Making Strides in Producing Life-saving Cardiac Patches

Achievement date: 

University researchers are making great strides in developing bioengineered cardiac muscle tissue (also called cardiac microbundles) that looks and acts like real heart tissue, offering exciting new ways to treat and heal heart disease. This work is being conducted as part of a research program dedicated to tackling the top killer worldwide—heart attacks—that is being supported by the National Science Foundation (NSF)-funded Engineering Research Center (ERC) in Cellular Metamaterials (CELL-MET), headquartered at Boston University (BU).


Control of tissue architecture is critical for the function of the heart. CELL-MET’S research focuses on building engineered heart tissues of increasing complexity through advances at the convergence of engineering and biological disciplines. This project reflects substantial progress and builds on prior research efforts to generate large cardiac patches with increased control of the alignment and assembly of cardiac microbundle units developed in previous research efforts. This capability to produce the tissue patches is a big stride forward in reaching CELL-MET’s objectives and paves the way for further improvements.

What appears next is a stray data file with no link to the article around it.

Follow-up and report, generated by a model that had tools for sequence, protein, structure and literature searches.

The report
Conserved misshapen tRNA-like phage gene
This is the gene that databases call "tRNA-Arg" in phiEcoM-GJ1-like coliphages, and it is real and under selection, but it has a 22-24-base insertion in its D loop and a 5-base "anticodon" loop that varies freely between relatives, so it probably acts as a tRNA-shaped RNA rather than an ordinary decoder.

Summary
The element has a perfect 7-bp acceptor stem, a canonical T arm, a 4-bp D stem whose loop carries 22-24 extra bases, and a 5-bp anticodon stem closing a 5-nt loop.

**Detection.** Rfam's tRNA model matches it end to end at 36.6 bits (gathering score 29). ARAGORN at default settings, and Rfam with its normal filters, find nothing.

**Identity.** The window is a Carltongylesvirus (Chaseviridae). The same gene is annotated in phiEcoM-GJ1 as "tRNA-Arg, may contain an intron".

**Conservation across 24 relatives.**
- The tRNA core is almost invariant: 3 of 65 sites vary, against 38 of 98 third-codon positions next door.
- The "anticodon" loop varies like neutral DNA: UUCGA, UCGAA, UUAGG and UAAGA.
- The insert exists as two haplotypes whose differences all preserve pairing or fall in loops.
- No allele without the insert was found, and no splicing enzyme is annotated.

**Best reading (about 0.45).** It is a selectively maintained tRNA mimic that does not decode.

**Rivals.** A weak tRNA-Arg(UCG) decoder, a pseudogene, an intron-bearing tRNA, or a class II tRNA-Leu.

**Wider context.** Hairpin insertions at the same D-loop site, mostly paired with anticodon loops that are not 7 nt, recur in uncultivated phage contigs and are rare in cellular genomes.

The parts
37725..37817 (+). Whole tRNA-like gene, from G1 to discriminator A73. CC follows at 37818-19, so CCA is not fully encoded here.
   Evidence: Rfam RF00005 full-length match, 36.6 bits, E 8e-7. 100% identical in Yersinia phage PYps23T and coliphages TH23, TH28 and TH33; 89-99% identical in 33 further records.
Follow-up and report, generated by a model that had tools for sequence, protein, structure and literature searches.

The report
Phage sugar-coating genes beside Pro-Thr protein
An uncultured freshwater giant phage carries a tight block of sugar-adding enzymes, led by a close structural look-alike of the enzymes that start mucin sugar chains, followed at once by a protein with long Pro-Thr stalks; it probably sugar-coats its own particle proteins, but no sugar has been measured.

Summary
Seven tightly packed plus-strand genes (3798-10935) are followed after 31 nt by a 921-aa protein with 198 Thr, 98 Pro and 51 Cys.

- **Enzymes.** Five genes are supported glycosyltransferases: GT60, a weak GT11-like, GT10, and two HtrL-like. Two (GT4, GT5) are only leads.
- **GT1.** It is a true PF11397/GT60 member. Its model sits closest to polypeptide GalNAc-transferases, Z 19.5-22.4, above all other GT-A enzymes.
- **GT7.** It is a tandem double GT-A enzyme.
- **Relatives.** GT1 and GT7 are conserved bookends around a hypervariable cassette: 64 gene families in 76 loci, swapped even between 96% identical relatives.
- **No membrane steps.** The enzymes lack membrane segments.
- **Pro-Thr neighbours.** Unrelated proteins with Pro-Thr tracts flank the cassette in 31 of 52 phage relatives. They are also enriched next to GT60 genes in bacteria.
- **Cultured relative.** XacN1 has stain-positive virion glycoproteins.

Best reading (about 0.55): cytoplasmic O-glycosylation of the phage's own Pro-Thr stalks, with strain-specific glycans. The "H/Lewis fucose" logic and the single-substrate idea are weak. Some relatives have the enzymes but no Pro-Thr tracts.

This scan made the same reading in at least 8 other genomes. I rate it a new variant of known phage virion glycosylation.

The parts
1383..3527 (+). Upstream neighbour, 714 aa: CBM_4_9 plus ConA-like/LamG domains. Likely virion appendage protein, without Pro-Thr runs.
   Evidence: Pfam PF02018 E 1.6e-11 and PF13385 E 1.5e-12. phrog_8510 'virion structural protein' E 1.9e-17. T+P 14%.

This project involves using bioprinting, which employs three-dimensional printing–like techniques, to combine cells, growth factors, and/or biomaterials to fabricate biomedical parts that imitate natural tissue characteristics. The CELL-MET researchers developed a technique to bioprint connective tissues, which is a key piece in the technology needed to create a large-scale cardiac patch. In this technique, cardiac microbundles are generated on a large scale, then harvested and used as a “bioink.” The bioink is printed through a nozzle where shear forces induce alignment of the microbundles. Over time, the aligned microbundles fuse, to create a larger tissue that maintains alignment and demonstrates increased function.

Two procedures contributed to this effort: (1) integrating aligned synthetic nanofibers within microbundles and (2) incorporating microbundles into CELL-MET’s 3D bioprinting workflow in a new technique the Center calls NanoTemplated Bioblock Printing. Combining these methods, the researchers were able to demonstrate the ability to bioprint microbundles with precise, arranged architectures that persist throughout tissue remodeling and maturation. Functions of these printed tissue patches are now being evaluated and optimized for a range of cardiac functions, such as heartbeat conductivity, contraction force generation, and more.